Peace, Poetry, Palindromes

100TPC2015My latest effort for the 30/30 Project, “Raw/War,” is featured on the site today–a taste of poetry, peace, and palindromes. . . . I hope you’ll enjoy that and the work of my impressive peers on the site.

I’m also gearing up for September 26th, when we’ll ask the world to think about war, peace, our green planet, and role the arts can play to make our time here more meaningful, peaceful, poetic. See 100 Thousand Poets for Change on Facebook.

Here’s to peace, poetry, and palindromes.

For Adrienne Rich

They led a writing workshop together in Austin...

Rich (right), with writer Audre Lorde (left) and Meridel Le Sueur (middle) in Austin Texas, 1980 (Photo credit: Wikipedia)

In the memory of Adrienne Rich, one of our country’s finest poets who died last week, I offer the following poem, penned a couple of decades ago and revised very recently:

The New Androgyne

She will be like the deaf mute                                                 turned composer:

ink will pulse               through her veins the color

of half-lit midnight                  when grass sways slightly

By turns she will be            gardener and stargazer                  peasant

and prophet                      bag-lady                                   and carpetbagger

pointillist                                                                 and modern dancer

delivering mother                                and midwife delivering

the mother                                           and her child

You will see her                           gradually

rising with the sun                   her origins uncertain

her language                        raw and bold                       her hands stained

strong-boned                                 her eyes deep                    as Andromeda

She will take                                   by the first two fingers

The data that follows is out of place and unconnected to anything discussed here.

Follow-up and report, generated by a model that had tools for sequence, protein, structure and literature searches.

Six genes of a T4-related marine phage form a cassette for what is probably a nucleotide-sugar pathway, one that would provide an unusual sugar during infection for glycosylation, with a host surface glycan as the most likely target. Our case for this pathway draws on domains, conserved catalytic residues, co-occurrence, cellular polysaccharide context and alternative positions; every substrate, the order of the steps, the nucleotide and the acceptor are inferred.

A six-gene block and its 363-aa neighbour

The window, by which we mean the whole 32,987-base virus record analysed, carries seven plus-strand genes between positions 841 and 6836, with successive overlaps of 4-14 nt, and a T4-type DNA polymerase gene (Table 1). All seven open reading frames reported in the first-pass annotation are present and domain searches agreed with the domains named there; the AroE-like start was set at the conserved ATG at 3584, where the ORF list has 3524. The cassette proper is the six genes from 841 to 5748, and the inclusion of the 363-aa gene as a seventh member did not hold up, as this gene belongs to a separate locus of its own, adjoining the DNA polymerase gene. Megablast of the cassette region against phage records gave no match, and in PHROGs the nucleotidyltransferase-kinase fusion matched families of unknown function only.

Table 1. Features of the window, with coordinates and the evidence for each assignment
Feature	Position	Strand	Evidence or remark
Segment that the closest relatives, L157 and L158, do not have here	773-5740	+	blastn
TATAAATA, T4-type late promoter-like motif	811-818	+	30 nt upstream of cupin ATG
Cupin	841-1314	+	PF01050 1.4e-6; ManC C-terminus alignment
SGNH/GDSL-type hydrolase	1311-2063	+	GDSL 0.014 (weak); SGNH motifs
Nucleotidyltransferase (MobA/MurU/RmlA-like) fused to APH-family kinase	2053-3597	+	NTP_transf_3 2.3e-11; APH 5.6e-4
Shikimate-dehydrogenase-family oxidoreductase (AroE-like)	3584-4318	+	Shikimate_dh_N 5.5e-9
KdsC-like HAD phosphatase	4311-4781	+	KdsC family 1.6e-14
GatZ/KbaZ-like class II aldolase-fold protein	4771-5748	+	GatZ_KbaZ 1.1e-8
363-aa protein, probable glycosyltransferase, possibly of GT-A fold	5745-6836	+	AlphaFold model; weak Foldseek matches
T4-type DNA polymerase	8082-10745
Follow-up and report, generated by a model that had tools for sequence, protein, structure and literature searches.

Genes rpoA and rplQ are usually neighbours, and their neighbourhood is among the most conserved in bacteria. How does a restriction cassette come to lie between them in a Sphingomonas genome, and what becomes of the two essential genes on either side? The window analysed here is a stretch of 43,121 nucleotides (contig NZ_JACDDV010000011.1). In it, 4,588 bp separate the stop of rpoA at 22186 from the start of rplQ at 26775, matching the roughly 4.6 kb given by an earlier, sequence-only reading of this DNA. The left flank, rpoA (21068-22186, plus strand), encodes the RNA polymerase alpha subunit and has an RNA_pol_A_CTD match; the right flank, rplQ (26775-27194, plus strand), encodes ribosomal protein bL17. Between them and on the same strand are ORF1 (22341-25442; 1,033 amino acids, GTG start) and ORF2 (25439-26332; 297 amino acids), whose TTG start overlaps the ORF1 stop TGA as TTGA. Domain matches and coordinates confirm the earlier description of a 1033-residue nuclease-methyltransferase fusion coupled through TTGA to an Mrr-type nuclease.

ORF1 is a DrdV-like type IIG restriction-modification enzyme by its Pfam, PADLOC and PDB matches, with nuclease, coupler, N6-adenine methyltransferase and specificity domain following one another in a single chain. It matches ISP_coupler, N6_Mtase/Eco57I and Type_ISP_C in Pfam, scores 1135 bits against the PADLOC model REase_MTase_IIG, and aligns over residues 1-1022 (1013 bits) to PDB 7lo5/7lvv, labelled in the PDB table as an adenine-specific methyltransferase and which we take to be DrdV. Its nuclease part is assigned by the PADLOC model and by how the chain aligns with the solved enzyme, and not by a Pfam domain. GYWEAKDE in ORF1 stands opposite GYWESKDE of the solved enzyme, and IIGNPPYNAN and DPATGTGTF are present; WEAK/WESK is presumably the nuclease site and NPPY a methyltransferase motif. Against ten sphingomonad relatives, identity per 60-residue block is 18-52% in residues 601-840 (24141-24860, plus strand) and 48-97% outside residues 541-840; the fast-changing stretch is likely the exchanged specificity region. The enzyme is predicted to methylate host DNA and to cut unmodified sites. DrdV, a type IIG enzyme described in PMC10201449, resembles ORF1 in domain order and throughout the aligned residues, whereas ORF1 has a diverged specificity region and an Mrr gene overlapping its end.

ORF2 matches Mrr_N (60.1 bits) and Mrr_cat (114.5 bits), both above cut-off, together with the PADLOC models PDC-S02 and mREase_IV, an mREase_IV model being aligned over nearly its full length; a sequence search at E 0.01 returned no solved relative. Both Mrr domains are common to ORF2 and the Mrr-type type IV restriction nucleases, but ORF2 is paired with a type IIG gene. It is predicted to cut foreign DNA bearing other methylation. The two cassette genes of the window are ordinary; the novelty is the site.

anyone who will                             enter the labyrinth                               listen

to the crackling of leaves                     as she infuses them                with breath

and witness                         her gypsy dance                as she steadily

wrenches                                 an arc of bone                          from her side

–Kathleen McCoy

In the past two weeks I’ve had a house fire, attended a magical manuscript conference, and lost Adrienne Rich.  While I won’t forget any of these occurrences, one of them I can now acknowledge with this piece. For the way she championed the oppressed of all types–gays and lesbians, men and women of color, the imprisoned, the marginalized, the impoverished, and the politically oppressed (all people who have been silenced or ignored)–and did it with beauty, grace, and always, compassion, I am deeply grateful.

Rich helped to show the world the value of the women’s liberation motto that “The personal is political.” This is a good time to reread some of her unforgettable poems like An Atlas of the Difficult World, “Sources,” “Integrity,” “Diving Into the Wreck,” “Snapshots of a Daughter-in-Law,” and “Twenty-One Love Poems.” Or you may want to read one of her landmark essays such as “When We Dead Awaken: Writing as Re-Vision,” “Vesuvius at Home: The Power of Emily Dickinson,” “Women and Honor: Some Notes on Lying,” “Split at the Root,” or her historic rejection of the National Medal of Arts in 1997, when she dared to write to Jane Alexander, then head of the National Endowment for the Arts, that she could not accept an award for a few privileged artists when “the people at large are so dishonored” in this country.

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